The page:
Impedance characterization and modelling of an improved patch clamp device

Y. Zhao, S. Inayat, D. A. Dikin, R. S. Ruoff, J. B. Troy

Research output: Contribution to journalArticlepeer-review

2 Scopus citations


The gold standard for studying the properties of ion channels is the patch clamp, a technique that measures pA currents passing through ion channels in an isolated patch of cell membrane. The authors sought to design an improved device for whole-cell patch clamp recordings using nanoscale pipettes which more readily form seals with the cell membrane and a movable metal electrode to decrease the access resistance, increase the signal bandwidth, and clear debris from the pipette tip. Electrical characterization of the instrument by impedance spectroscopy showed that advancing the metal electrode towards the pipette tip decreased the impedance distinctly in different frequency bands, the greatest decrease occurring between 1 and 100kHz, and the smallest at > 100kHz. Finite element simulations of the electrode, incorporating the electrode/electrolyte interface, suggest that optimal signal transmission can be achieved with a thick-walled pipette, nearly filled with a large Ag/AgCl electrode, whose impedance can be reduced through surface modification.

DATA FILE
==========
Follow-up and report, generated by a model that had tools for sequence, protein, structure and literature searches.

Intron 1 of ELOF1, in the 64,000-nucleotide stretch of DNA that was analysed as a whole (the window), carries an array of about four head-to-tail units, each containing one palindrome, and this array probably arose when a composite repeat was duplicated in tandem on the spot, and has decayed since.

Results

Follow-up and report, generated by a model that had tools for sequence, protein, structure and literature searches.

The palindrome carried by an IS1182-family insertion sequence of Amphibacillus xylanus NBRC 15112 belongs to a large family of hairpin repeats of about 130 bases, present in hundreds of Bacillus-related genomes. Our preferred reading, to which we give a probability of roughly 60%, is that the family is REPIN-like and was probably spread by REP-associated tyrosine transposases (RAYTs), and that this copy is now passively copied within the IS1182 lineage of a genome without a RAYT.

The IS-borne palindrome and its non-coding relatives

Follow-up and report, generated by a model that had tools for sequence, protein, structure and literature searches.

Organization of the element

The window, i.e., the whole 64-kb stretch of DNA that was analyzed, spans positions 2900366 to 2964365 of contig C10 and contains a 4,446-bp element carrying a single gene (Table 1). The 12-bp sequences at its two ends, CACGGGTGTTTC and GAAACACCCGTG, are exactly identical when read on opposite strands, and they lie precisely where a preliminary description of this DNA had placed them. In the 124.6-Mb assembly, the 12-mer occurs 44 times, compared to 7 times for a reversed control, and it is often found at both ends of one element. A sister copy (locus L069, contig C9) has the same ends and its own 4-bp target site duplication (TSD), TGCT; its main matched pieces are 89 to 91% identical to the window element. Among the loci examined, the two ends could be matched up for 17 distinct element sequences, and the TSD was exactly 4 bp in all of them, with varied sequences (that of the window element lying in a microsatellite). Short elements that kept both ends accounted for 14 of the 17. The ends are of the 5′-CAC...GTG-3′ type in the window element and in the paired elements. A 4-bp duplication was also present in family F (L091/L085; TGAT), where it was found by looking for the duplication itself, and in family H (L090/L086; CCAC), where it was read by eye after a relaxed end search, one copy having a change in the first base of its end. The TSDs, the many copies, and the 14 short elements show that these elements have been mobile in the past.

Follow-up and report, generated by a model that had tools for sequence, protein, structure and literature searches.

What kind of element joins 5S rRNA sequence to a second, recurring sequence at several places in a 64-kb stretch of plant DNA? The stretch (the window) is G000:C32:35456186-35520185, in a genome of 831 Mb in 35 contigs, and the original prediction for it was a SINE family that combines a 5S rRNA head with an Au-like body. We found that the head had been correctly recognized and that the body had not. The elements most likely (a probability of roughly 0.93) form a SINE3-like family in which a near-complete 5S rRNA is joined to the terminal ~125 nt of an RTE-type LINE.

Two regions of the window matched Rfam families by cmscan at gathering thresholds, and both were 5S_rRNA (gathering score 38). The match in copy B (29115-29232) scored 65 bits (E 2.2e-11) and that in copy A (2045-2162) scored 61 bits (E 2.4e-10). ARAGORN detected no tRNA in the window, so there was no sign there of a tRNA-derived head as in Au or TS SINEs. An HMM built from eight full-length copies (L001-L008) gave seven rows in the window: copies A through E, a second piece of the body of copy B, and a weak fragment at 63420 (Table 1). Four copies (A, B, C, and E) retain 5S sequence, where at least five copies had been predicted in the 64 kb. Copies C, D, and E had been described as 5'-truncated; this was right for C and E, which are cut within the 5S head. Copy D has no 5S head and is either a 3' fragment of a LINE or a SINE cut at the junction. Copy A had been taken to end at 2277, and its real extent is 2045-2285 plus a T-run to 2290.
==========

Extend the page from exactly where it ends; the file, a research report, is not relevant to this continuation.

Original languageEnglish (US)
Pages (from-to)121-131
Number of pages11
JournalProceedings of the Institution of Mechanical Engineers, Part N: Journal of Nanoengineering and Nanosystems
Issue number3
StatePublished - Jan 1 2010


  • electrode/electrolyte interface
  • electrophysiology
  • finite element modelling
  • movable electrode
  • neuroscience
  • patch clamp

ASJC Scopus subject areas

  • Materials Science(all)
  • Condensed Matter Physics
  • Electrical and Electronic Engineering

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